Three times in their 30-minute dialogue, Steve Forbes, chair and editor in chief of Forbes Magazine, told President Aquino he could improve the economy of the United States, eliciting laughter from the audience comprised mainly of the world's top business leaders.
"I think people who hadn't been here for a while are very surprised at the dynamism of the economy and we were discussing beforehand that when we get back, our party, to the United States, some of us are going to get a constitutional amendment so that President Aquino, when he leaves office next year, can come to the US and give us some of the 6-per cent growth rate," Forbes said Wednesday as soon as he and the President settled in their seats onstage.
Mr. Aquino chuckled and looked a bit bashful, as he replied: "So kind, sir."
Forbes was a one-time US presidential aspirant himself.
His one-on-one interview with Mr. Aquino, called "A Meeting of Minds," closed the three-day Forbes Global CEO Conference at the swanky Solaire Hotel, participated in by some 400 of the world's most prominent business leaders.
It was the first time that the prestigious gathering was held in Manila. Previous conference venues include Singapore, Hong Kong, Dubai, Kuala Lumpur, Sydney, Shanghai and Bali.
The President and Forbes discussed the country's economy and global economic issues, with Mr. Aquino mostly highlighting his administration's gains and giving a positive assessment of his six years in office.
259 days left
As of Wednesday, Mr. Aquino said he had exactly "259 and a half days" left in office.
Asked by Forbes how he was able to keep the peso stable at a time of currency turbulence, the President said that among other things, his administration was "prudent" in taking out loans. He wanted to ensure that every loan would have a concrete output.
"I am very conservative in terms of handling the people's funds," Mr. Aquino said.
Forbes quipped: "That's why we need you in Washington."
The President took pride in the foreign direct investments in the country that saw a "600-per cent growth" since 2010 and in the private-public partnership contracts that contributed to the development of sectors such as power, infrastructure, communication and transportation.
The last two sectors, he noted, did not just help improve the economy but also contributed to disaster risk reduction.
Easier to start business
Mr. Aquino said that it had become easier to start a business in the Philippines, as the whole process could be completed in 30 minutes, in response to the concerns raised by the different chambers of commerce.
The President emphasised that the reforms in education that his administration spearheaded was a "holistic approach" aimed at preparing Filipinos for the opportunities available to them.
But as he was wont to do, he criticised the Philippine media and compared them with those in other countries for wanting "to have something that is sensational," particularly when it came to security concerns.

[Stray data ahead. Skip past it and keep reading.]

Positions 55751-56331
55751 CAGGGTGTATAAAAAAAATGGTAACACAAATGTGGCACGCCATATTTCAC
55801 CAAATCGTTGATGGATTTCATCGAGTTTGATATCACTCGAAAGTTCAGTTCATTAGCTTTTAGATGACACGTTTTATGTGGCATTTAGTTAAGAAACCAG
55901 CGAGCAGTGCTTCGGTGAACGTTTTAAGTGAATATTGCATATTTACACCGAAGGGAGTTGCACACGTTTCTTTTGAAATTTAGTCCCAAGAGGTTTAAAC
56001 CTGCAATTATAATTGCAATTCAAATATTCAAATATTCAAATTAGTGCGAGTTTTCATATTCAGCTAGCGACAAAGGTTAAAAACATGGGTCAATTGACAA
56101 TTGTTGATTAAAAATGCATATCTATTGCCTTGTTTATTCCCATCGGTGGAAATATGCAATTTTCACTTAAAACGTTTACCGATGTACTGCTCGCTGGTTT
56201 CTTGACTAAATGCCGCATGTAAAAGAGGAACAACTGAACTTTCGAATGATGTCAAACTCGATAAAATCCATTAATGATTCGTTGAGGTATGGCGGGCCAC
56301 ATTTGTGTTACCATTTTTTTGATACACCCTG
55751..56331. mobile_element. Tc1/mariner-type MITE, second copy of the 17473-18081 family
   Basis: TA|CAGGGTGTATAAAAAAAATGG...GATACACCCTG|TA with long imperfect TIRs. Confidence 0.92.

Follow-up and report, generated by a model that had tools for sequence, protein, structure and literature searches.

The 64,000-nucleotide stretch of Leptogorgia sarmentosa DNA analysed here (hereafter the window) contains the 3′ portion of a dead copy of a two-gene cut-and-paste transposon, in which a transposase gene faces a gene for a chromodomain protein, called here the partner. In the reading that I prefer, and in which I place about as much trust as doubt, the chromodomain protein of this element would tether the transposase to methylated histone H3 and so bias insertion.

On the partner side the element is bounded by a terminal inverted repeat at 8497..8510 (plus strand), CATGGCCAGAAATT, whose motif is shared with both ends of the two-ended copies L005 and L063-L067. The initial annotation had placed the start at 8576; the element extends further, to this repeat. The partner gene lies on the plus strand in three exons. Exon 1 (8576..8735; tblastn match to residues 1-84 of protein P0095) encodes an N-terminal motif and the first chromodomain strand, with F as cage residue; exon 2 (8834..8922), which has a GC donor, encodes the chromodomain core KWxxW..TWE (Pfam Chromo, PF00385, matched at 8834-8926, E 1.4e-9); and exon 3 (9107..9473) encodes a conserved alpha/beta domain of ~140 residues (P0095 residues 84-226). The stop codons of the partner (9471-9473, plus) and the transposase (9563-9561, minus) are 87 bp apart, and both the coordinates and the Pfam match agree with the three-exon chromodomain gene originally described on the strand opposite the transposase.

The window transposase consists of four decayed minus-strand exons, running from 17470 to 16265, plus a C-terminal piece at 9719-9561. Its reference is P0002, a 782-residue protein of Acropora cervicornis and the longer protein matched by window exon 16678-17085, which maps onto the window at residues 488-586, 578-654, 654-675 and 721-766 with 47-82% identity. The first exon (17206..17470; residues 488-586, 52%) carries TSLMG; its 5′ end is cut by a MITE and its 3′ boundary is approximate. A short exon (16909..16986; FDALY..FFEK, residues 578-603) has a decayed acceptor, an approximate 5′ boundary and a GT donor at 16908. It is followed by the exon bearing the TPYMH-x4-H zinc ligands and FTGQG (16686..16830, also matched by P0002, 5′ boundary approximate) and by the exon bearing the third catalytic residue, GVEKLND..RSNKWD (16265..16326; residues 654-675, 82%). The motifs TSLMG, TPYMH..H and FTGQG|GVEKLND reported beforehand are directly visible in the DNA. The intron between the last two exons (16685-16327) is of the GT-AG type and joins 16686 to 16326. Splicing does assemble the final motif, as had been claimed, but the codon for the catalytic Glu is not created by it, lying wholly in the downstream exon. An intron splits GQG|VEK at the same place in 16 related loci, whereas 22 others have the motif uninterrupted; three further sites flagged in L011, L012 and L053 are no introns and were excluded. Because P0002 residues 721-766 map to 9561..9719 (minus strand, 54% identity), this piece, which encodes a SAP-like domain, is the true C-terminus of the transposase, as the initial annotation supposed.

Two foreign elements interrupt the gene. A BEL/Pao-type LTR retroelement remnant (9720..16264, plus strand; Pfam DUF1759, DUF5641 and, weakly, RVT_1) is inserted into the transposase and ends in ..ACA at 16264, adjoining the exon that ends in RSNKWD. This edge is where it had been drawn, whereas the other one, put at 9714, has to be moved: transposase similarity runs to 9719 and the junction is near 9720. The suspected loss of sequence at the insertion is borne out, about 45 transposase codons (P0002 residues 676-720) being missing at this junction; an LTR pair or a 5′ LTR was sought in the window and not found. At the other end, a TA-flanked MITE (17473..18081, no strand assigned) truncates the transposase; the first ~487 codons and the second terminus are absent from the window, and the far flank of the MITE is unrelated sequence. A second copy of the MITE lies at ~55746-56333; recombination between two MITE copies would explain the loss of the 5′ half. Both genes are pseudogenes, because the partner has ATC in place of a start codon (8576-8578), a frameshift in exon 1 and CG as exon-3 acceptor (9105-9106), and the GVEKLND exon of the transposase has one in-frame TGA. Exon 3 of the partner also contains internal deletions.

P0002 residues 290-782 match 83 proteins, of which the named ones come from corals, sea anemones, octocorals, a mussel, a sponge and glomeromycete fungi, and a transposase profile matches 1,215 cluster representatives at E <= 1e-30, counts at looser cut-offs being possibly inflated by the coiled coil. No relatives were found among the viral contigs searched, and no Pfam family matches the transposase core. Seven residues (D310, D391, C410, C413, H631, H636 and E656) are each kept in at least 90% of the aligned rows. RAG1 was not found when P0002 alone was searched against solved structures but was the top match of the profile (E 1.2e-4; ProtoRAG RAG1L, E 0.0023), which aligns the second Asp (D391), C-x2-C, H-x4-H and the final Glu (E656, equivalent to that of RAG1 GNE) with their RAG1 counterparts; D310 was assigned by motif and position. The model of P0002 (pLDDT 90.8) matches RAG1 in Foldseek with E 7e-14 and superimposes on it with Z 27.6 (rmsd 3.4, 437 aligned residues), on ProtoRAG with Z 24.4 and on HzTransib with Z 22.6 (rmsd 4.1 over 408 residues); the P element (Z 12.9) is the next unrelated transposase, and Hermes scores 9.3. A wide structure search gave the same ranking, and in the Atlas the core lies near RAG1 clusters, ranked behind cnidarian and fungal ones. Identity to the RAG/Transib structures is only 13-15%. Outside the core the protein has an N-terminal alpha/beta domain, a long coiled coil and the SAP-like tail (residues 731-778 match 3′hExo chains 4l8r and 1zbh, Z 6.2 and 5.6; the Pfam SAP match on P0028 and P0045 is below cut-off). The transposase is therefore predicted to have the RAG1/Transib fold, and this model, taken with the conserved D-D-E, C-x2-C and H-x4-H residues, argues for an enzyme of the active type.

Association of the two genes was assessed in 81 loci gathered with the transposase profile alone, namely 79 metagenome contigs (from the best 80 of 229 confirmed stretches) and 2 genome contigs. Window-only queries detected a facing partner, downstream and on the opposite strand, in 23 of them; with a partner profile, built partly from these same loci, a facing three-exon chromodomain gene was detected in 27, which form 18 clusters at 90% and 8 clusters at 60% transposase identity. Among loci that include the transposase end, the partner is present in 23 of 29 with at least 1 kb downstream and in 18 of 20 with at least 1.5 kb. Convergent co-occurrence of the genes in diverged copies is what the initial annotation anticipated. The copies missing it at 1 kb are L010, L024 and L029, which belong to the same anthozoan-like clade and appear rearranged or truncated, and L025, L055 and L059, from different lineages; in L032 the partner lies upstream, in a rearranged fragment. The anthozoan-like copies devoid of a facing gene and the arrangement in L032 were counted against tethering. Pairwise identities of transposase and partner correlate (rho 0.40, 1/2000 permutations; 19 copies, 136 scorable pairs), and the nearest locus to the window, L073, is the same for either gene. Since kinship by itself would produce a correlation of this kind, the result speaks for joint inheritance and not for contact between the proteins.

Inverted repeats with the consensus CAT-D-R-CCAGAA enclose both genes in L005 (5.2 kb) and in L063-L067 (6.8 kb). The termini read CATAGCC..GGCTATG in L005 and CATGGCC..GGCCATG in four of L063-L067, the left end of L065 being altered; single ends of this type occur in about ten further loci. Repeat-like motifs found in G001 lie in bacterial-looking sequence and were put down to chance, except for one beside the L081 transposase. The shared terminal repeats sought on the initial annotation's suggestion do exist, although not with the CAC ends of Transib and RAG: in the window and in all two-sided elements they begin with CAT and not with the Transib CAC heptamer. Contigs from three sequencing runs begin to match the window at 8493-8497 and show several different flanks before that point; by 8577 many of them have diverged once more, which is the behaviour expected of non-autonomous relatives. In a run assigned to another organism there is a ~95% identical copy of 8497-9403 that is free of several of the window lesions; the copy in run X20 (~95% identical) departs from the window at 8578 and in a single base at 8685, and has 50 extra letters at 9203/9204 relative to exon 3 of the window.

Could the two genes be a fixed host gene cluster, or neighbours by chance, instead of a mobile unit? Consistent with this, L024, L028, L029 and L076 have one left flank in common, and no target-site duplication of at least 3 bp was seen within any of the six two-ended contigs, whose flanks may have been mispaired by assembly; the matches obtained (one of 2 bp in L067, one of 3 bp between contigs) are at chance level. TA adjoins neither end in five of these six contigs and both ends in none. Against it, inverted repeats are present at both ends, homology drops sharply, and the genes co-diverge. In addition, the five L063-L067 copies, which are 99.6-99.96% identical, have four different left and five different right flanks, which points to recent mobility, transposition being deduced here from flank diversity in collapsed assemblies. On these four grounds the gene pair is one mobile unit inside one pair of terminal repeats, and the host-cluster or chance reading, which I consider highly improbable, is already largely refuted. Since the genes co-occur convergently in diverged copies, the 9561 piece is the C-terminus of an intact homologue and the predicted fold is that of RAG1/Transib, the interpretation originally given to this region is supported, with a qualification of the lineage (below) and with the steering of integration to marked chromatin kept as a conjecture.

"We admit, we have problems, but I don't think our problems are disproportionate to any other country of our size and our particular status," the President said.
He said that the recent kidnappings had taken place in the southern part of the country, where the government had been trying to forge a peace agreement with a major secessionist group.
The President remained hopeful that the proposed Bangsamoro Basic Law would still be passed by Congress to pave the way for peace and development in Central Mindanao.
Mr. Aquino also acknowledged that among the "threats" security forces continued to address were drug cartels and identity theft, but government was addressing these.
He said his administration had shown that officials were made to account for his or her actions.
The Ombudsman, for example, "has actually gone after a lot more of those who were previously considered sacrosanct and invulnerable to being made to account for their actions," Mr. Aquino said.
The President, however, added that the "key to success" in cleaning up the government was more than just the filing of cases-the conviction of the accused.
Asked by Forbes what he was most proud of in his nearly six years as President, Mr. Aquino repeated what he often said-seeing the "renewed outlook and optimism" among the people.
When he sought the Philippine presidency in 2010, he said the goal of stopping the hemorrhaging of the country would be enough. "But we have gone beyond stopping the hemorrhage."
In fact, he said, while the figures were debatable, there was a "sizeable number" of overseas Filipino workers, who have returned to the country for good.
"We think that what we achieved currently is just a stepping-stone toward what can be achieved by the next administration because they will be starting at a better situation than what we had when we started," the President said.
Forbes rounded up the interview by saying: "Believing in the future, that's something what the rest of the world needs, which is why we hope after you leave office, you will come to the US and give us some of that belief in the future. Mr. President, thank you very much."